If you’ve already got a ticket for Madison Opera’s “Carmen” and your seats are in the balcony, a word of advice: bring binoculars.

“Carmen,” an immensely popular work by Georges Bizet runs once more on Sunday in Overture Hall, kicking off Madison Opera’s 2017-18 season with a sales boost. It's set in Spain, sung in French with supertitles, and highly entertaining. General manager Kathryn Smith calls it a "gateway" opera.

While “Carmen” may be known best for seductive and celebratory arias, a key part of this production’s appeal is more intimate. It happens in the eyes of the title character, a gypsy woman whose experience with men has left her at once suspicious and, against all odds, hopeful.

When Carmen (Aleks Romano) meets the soldier Don José outside the factory where she works, she’s playing him — Romano’s expression leaves no doubt.

PHOTO BY JAMES GILL
At Madison Opera, Aleks Romano plays Carmen in her role debut.

But watch her eyes, which flash with fear at Don José’s outbursts and spark defiance when he tries to pin her down. It’s in Carmen’s eyes that we see the first hints of tenderness toward a pompous, slightly ridiculous bullfighter whose grand display is all for her benefit.

“Carmen” remains among the most produced operas in the world. It endures as much for the sinuous lines and tempestuous rhythms in Georges Bizet’s score — performed with brilliant clarity here by the Madison Symphony Orchestra under Maestro John DeMain — as it does for the story of a woman who refuses to compromise. A man may shove a ring onto her finger, but she will not be owned.

PHOTO BY JAMES GILL
Sean Pannikar, left, plays Don Jose opposite Cecilia Violetta López in "Carmen" at Madison Opera.

Romano is new to the Madison stage and making her role debut as Carmen. It’s a plum role not only for well-known arias like “L’amour est un oiseau rebelle” (better known as the “Habanera”), but also because of the dramatic range it offers, from brazen and seductive to raw and vulnerable. Romano revels in it all.

Romano’s Carmen is calculating, always one step ahead of the men in her life, and her vocals are deeply resonant. In Act I, she leans into the trills with real pleasure while her high notes sparkle.

It would be easy to make Carmen harder opposite softer, sweeter Micaela, José’s erstwhile country mouse girlfriend. Director E. Loren Meeker resists the trope. Soprano Cecilia Violetta López has both a self-assured soprano and appealing grit as she fights, stubbornly, to get her man back.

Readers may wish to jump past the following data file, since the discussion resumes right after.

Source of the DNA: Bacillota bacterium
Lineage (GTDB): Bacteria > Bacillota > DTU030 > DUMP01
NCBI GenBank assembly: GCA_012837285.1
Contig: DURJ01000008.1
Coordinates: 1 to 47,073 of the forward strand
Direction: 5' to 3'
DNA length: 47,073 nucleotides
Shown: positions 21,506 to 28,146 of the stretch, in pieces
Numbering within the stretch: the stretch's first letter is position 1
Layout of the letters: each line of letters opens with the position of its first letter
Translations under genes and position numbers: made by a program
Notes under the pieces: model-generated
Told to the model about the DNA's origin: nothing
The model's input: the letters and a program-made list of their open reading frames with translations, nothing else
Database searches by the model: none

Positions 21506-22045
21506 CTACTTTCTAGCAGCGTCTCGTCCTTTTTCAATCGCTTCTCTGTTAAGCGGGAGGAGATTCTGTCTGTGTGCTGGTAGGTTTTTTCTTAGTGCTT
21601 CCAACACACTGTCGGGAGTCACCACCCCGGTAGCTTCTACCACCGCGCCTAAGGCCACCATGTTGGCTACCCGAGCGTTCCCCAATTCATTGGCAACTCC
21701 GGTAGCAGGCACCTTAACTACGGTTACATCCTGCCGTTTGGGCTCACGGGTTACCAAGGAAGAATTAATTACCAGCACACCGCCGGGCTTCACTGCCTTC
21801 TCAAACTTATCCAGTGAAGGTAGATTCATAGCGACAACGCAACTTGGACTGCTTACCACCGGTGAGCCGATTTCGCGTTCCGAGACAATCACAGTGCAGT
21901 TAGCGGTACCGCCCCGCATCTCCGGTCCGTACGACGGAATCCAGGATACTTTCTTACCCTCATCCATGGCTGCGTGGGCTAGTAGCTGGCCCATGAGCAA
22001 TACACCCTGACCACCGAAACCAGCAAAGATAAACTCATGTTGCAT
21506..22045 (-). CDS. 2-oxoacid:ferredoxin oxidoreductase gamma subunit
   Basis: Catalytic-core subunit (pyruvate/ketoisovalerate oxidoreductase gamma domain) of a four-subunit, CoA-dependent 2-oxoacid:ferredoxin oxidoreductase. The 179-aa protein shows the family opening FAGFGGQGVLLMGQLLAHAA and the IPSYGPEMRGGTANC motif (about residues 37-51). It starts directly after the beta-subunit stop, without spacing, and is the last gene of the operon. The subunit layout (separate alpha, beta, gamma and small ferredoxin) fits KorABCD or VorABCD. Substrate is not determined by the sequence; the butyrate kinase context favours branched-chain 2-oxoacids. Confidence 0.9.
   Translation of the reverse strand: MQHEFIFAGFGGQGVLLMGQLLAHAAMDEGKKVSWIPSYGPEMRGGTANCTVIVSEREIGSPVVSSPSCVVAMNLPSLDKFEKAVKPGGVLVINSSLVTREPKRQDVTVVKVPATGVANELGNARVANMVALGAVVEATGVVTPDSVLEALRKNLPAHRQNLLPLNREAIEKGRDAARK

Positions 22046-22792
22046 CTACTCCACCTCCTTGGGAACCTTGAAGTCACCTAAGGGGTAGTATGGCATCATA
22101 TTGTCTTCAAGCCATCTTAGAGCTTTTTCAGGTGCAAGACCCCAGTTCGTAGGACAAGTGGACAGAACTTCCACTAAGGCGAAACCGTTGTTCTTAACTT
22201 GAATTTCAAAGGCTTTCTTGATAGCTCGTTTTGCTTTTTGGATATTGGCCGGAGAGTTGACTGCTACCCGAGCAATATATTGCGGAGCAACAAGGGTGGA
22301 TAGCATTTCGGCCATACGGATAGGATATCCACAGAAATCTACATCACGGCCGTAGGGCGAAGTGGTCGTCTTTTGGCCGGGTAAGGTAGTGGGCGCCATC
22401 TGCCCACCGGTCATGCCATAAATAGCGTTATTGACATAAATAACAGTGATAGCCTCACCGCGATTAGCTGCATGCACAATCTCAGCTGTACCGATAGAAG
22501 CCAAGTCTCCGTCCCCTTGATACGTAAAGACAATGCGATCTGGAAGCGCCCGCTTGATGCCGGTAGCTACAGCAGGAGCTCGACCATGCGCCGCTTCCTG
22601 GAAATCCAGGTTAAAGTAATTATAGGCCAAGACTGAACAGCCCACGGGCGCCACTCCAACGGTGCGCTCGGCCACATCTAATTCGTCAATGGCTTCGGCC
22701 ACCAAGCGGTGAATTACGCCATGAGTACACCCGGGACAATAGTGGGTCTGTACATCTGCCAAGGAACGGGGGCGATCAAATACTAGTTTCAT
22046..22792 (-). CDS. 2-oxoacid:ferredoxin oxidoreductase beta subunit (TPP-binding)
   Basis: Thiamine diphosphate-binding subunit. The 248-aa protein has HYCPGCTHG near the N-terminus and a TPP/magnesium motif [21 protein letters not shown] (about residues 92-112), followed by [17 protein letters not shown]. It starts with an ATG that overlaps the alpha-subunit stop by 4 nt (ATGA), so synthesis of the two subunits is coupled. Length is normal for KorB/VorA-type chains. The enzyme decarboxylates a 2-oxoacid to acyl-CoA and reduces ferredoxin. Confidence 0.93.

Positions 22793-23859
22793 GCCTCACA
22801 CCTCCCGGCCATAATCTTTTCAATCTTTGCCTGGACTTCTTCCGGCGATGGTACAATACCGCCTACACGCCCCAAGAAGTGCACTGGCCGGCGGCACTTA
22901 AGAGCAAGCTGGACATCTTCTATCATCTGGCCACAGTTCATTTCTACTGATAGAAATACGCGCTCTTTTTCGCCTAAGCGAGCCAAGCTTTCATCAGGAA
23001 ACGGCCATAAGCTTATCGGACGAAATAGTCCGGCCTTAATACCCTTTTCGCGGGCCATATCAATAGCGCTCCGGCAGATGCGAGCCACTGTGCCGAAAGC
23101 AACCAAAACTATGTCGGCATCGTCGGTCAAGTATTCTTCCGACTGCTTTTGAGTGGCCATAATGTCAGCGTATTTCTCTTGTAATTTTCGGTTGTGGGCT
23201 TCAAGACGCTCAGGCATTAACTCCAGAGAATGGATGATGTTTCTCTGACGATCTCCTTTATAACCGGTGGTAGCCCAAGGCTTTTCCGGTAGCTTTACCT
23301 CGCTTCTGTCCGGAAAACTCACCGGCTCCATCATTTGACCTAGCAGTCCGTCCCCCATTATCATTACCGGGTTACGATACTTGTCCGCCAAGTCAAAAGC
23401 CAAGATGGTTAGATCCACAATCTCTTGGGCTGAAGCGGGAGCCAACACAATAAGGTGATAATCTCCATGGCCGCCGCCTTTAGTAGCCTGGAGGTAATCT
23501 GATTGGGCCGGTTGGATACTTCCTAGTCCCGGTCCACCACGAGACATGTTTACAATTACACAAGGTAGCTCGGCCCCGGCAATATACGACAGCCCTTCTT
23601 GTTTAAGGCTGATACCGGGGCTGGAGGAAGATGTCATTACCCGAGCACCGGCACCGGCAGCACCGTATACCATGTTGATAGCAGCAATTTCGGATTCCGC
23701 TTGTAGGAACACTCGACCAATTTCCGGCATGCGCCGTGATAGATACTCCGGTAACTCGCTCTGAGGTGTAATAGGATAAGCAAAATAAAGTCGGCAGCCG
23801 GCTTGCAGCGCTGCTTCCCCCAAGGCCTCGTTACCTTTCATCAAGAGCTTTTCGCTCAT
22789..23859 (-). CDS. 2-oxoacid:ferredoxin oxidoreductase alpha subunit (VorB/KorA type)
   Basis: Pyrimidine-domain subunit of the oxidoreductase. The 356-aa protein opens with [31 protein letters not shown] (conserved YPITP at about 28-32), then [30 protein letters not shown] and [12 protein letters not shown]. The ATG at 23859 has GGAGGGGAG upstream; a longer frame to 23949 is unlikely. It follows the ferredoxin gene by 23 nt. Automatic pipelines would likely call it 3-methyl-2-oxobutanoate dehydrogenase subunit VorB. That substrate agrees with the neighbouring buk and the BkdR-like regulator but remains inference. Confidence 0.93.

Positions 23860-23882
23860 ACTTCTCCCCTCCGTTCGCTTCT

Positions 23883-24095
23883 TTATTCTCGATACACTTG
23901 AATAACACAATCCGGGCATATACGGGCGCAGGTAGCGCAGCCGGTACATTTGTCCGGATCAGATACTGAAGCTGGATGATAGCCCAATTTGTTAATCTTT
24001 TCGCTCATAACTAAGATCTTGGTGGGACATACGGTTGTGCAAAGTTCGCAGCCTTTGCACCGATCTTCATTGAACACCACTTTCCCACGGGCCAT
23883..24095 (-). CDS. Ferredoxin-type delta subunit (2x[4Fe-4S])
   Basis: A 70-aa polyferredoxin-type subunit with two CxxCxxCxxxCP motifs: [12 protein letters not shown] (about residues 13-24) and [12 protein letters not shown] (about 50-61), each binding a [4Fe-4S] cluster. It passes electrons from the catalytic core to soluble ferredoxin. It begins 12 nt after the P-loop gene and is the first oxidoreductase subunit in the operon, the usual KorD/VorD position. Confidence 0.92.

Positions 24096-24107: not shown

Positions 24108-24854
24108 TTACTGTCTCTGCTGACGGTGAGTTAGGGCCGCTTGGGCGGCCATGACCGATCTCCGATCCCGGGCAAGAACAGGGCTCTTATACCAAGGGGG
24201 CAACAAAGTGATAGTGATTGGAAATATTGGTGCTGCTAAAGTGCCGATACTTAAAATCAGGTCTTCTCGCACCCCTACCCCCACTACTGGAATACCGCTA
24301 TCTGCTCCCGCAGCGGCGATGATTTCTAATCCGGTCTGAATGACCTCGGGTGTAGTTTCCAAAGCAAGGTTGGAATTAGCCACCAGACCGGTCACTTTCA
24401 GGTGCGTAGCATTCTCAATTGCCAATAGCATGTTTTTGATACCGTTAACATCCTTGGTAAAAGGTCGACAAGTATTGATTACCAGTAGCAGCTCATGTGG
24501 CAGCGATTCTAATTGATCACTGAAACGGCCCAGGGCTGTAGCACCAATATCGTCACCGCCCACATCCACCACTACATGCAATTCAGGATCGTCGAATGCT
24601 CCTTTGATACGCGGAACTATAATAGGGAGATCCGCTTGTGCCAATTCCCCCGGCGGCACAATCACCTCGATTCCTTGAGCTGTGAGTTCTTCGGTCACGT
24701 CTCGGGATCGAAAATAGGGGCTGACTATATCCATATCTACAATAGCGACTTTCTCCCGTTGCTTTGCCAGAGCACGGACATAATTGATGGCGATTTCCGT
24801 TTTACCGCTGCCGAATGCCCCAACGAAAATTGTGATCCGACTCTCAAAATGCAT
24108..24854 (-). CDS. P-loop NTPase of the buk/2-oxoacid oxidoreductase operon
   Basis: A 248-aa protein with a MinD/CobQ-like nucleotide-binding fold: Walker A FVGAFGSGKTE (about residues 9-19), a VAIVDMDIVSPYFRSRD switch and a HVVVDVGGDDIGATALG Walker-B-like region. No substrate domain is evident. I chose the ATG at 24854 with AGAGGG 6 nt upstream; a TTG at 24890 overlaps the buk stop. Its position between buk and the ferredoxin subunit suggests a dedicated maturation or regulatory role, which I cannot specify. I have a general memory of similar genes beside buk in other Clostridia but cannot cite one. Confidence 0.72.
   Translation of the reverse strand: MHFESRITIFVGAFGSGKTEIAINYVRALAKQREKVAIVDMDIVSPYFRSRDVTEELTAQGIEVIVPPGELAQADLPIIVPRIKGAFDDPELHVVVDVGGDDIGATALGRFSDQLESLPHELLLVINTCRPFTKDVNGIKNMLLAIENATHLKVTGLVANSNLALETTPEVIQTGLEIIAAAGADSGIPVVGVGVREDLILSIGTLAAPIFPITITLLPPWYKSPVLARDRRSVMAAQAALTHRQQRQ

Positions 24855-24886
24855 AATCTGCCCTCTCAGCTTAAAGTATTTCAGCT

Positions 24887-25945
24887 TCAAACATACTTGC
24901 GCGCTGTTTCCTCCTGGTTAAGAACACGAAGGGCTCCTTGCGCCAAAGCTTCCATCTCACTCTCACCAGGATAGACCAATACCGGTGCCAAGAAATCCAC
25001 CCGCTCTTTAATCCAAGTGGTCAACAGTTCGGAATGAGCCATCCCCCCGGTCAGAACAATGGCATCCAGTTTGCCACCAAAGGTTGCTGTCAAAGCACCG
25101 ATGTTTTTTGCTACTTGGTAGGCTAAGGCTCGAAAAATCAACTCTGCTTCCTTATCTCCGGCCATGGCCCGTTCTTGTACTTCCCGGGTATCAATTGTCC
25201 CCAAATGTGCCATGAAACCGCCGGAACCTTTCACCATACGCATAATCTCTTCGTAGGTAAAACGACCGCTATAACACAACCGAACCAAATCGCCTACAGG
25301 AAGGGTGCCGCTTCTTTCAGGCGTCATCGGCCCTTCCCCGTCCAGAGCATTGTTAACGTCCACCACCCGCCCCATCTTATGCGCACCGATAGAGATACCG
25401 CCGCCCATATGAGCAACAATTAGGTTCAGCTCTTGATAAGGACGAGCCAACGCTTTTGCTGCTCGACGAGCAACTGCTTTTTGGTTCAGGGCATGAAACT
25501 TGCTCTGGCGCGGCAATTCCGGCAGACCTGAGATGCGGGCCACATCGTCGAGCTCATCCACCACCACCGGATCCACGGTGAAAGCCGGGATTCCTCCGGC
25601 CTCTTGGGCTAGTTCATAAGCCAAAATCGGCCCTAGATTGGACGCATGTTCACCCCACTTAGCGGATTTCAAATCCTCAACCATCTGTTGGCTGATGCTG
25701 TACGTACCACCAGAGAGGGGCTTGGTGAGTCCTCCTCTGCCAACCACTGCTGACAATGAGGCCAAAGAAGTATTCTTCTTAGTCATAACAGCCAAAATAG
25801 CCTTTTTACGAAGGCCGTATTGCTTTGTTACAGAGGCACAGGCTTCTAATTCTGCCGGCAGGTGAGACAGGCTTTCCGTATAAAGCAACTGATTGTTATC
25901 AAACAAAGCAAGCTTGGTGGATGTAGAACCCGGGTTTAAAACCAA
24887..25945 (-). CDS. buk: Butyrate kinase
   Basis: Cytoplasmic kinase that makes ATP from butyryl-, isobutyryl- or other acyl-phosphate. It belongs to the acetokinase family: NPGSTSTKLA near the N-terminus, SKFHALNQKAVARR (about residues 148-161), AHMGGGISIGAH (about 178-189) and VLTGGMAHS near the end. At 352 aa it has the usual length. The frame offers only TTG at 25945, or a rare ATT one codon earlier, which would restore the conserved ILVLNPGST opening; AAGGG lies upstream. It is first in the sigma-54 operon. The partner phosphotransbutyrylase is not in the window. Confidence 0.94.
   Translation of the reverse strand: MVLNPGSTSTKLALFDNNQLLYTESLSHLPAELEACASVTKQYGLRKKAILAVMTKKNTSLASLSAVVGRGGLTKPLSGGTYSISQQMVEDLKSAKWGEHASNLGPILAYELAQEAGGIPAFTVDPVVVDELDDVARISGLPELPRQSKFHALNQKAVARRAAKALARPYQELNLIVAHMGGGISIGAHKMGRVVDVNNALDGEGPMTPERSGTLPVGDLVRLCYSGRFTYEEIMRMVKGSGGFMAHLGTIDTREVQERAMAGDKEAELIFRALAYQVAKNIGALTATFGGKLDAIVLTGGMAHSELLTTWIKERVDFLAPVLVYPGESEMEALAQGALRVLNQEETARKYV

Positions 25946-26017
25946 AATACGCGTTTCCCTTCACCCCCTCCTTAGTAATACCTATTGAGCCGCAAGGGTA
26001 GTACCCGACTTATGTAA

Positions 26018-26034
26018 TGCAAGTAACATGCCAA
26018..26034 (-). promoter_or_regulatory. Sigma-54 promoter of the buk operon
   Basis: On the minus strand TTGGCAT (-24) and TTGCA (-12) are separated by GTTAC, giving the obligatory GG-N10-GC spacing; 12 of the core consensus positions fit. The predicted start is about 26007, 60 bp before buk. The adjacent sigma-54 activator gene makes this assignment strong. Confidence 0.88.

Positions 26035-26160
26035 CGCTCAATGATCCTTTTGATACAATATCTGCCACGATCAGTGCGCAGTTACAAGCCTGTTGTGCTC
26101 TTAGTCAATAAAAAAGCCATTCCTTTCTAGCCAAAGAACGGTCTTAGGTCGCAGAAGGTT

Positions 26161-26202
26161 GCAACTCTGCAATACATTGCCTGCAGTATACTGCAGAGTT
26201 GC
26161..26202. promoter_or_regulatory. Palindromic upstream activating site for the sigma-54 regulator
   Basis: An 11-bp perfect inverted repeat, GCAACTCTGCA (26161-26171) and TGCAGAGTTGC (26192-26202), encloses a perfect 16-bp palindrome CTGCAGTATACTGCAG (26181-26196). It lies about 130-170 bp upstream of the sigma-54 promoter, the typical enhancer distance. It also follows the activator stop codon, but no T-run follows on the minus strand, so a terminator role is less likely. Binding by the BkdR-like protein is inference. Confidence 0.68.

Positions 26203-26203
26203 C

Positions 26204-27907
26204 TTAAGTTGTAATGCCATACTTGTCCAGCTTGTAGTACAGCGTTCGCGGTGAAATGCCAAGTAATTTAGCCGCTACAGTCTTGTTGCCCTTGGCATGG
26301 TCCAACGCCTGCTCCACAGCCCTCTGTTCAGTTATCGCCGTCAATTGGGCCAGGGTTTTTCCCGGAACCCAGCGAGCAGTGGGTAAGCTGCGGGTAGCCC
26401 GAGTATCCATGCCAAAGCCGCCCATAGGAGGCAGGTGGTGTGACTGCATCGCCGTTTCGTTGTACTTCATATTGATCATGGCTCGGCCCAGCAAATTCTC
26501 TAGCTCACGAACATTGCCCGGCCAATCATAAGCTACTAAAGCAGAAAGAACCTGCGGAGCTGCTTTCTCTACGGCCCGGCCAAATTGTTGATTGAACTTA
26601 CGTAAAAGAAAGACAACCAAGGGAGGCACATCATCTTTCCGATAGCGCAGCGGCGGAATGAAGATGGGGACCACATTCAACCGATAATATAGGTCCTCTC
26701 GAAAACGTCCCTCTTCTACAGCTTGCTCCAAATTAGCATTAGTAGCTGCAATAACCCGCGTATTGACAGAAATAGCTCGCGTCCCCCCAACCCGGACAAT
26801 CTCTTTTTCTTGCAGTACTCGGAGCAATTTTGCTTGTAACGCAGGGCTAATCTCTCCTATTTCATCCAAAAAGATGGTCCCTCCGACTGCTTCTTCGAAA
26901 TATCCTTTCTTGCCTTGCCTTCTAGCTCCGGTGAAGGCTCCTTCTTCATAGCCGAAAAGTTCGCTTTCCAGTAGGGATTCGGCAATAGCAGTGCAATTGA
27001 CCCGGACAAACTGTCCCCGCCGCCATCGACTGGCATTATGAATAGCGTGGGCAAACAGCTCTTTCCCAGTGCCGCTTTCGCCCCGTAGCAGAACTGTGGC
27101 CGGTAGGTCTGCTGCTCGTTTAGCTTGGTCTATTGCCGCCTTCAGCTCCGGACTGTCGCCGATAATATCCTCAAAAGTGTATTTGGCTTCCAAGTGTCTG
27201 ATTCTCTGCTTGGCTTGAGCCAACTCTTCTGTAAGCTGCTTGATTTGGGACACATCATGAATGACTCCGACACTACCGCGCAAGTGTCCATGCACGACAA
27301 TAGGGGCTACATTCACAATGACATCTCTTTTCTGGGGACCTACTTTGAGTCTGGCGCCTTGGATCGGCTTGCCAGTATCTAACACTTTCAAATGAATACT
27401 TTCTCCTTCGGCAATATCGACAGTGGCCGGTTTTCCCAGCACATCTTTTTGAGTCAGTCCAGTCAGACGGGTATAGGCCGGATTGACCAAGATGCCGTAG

With impassioned tenor vocals and impressive dynamic range, Sean Panikkar plays José as deeply flawed and naïve, yet still appealing. His performance of “La fleur que tu m’avais jetée” (the Flower Song) is as romantic an aria as I’ve ever heard.

PHOTO BY JAMES GILL
The Madison Opera Chorus was joined by members of the Madison Youth Choirs for a production of "Carmen" in Overture Hall.

Among the supporting cast, Corey Crider — last seen as a deliciously murderous barber in Madison Opera’s 2015 “Sweeney Todd” — acquits himself well on the iconic “Toreador” number, and wisely doesn't let the bullfighter's arrogance outshine his charisma.

Studio artists Anna Polum and Megan Le Romero, cast as Carmen’s gypsy girlfriends, give a boost of energy to every scene they’re in. Their bubbly tarot card duet in Act III fizzes with energy, a satisfying contrast to Carmen’s more ominous prediction.  

DeMain leads the orchestra through the score with crisp confidence; each clicking castanet and Spanish flourish sounds crystal clear. Members of the Madison Youth Choirs, exuberant in their carefully timed runs across the stage, look stunned by the light but sing like champs.

As in its 2009 production of “Carmen,” Madison Opera continues the tradition of highlighting a fabulous quartet from Tania Tandias Flamenco & Spanish Dance, featured at the top of Act III. Strong and fluid, they’re a joy to watch.

With traditional sets rented from Lyric Opera of Kansas City and costumes from a company in Utah — some of which fit better than others — this “Carmen” embraces its status as a classic. It’s the nuance in individual expression that makes it memorable and, astonishingly, new.

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